In a personal injury case, the parties negotiate in hopes of reaching an out-of-court settlement. From the viewpoint of the defendant or insurance company, the ideal settlement value is as low as possible. Often, the victim ends up with a lower amount than they deserve – or nothing at all.
However, if you retain skilled legal counsel, your odds of receiving a fair settlement will likely improve dramatically. Continue reading to learn more about the negotiation process in personal injury claims.
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Sending the Demand Letter
In a demand letter, you notify the appropriate insurance company and the defendant of the existence of your personal injury claim.
The demand letter should include:
- The accident
- Your injuries
- How your injuries are affecting your lifestyle
- Why the defendant was at fault
- Why the insurance company is liable for your claim
You then demand that the insurance company compensate you for your losses. Lawyers disagree on whether you should ask for a specific dollar amount in your first communication with the insurance company. However, if your losses greatly exceed the insured’s policy limits, it probably wouldn’t hurt to request full policy limits in your demand letter. Have your lawyer write the demand letter for you.
Issues in Dispute During Negotiations
A complete list of all possible issues in dispute during personal injury settlement negotiations would probably fill a small library.
Following, however, are some of the most common issues in dispute:
- Whether the insurance policy in question covers your damages. For example, if you suffered a dog bite, the homeowner’s insurance policy may not cover injuries inflicted by certain breeds of dogs, such as pit bulls.
- The extent to which you were at fault for the accident. For example, the insurance company might refuse to pay for your head injuries if you were involved in a motorcycle accident while not wearing a helmet.
- Did you have preexisting injuries? For example, if you are claiming damages for a back injury, you might have injured your back many years ago.
- Was your medical treatment appropriate and necessary? An insurance adjuster might claim that some of your medical treatment was unnecessary, especially if you undergo an unusual or alternative treatment.
In most cases, your best option is to have your lawyer do the negotiating for you from start to finish. Your lawyer cannot agree to settle your claim without your consent.
Unfair Insurance Company Tactics to Watch Out For When Negotiating
Insurance companies are businesses whose purpose is to make a profit, not to compensate policyholders. Because of this, you can expect that the insurance company will use strategies to undervalue or deny your claim.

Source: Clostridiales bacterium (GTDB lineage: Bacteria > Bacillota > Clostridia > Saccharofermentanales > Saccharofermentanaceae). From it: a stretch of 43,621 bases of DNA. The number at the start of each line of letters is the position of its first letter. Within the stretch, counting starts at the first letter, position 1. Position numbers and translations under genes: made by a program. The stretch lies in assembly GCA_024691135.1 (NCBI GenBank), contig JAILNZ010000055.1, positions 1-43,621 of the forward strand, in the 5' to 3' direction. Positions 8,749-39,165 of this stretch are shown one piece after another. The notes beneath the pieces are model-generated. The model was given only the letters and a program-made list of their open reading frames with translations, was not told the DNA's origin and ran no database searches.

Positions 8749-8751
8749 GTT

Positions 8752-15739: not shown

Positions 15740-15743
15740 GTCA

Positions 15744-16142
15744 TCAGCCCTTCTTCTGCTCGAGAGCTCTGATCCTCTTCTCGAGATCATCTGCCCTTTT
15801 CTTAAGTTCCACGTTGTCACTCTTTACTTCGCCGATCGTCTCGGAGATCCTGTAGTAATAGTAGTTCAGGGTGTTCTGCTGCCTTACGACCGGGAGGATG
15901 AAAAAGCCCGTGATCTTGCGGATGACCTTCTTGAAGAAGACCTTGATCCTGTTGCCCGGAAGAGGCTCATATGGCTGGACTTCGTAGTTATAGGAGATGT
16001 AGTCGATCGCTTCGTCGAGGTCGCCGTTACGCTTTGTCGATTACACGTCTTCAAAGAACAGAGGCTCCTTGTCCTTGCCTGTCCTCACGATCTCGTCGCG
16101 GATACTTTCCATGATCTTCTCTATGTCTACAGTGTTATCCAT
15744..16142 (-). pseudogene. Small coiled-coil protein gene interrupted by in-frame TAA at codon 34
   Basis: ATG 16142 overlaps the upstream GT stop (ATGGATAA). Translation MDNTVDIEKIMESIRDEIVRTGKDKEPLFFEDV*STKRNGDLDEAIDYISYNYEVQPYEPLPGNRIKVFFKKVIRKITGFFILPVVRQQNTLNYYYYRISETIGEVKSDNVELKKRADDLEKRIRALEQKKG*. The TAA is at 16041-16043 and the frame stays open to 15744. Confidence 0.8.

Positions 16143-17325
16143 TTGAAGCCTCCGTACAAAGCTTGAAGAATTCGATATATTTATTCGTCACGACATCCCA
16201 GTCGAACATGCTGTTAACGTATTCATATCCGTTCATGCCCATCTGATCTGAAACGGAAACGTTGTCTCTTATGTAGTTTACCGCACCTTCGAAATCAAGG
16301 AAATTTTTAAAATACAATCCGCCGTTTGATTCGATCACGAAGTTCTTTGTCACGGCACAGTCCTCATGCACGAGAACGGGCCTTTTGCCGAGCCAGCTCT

Following are some common examples:
- Issuing you an inadequate settlement offer on a “take-it-or-leave-it” basis and giving you an artificial deadline to respond. The Texas personal injury statute of limitations, not the insurance company, governs how long you have to file a lawsuit after an accident (typically two years). Your lawyer will keep track of the deadline to preserve your legal rights.
- Subjecting you to numerous unreasonable delays, hoping that you will grow inattentive and miss the statute of limitations deadline for filing a lawsuit.
- Persuading you into giving a recorded statement and then asking you trick questions geared toward undermining your claim.
- Gaining access to your social networking accounts, such as Facebook or Twitter. An insurance company can use your online posts against you in court.
- Convincing you that you don’t need a lawyer to resolve your claim. In most cases, the insurance company doesn’t want you to retain a lawyer since they’ll probably have to pay more that way.
This is just a small sampling of some of the tactics insurance adjusters and defendants might use against you if they think they can get away with it. The better the reputation of your lawyer, however, the less the opposing party will use any of these tactics.
Filing a Lawsuit as a Negotiation Tactic
For several reasons, you might want to file a lawsuit as a negotiation tactic, even if you ultimately hope to settle your claim, including:
- To meet the statute of limitations deadline to file a lawsuit. In Texas, this deadline is usually two years after the accident.
- To show the opposing party that you mean business so that a more generous settlement offer will be forthcoming.
- To gather evidence in the other party’s possession during the court-supervised pretrial discovery process. The evidence you acquire this way might give you an advantage in settlement negotiations.
You can withdraw a lawsuit any time during your case in response to an acceptable settlement offer. This means that even if you file a lawsuit, the odds are there will never be a trial.
Contact a Personal Injury Lawyer to Help You During the Negotiation Process
Almost any personal injury lawyer will offer free case consultations. Find a reputable personal injury lawyer and schedule a consultation to decide whether to continue pressing your claim. An attorney will help you during the negotiation process and ensure that you get fair compensation in your case.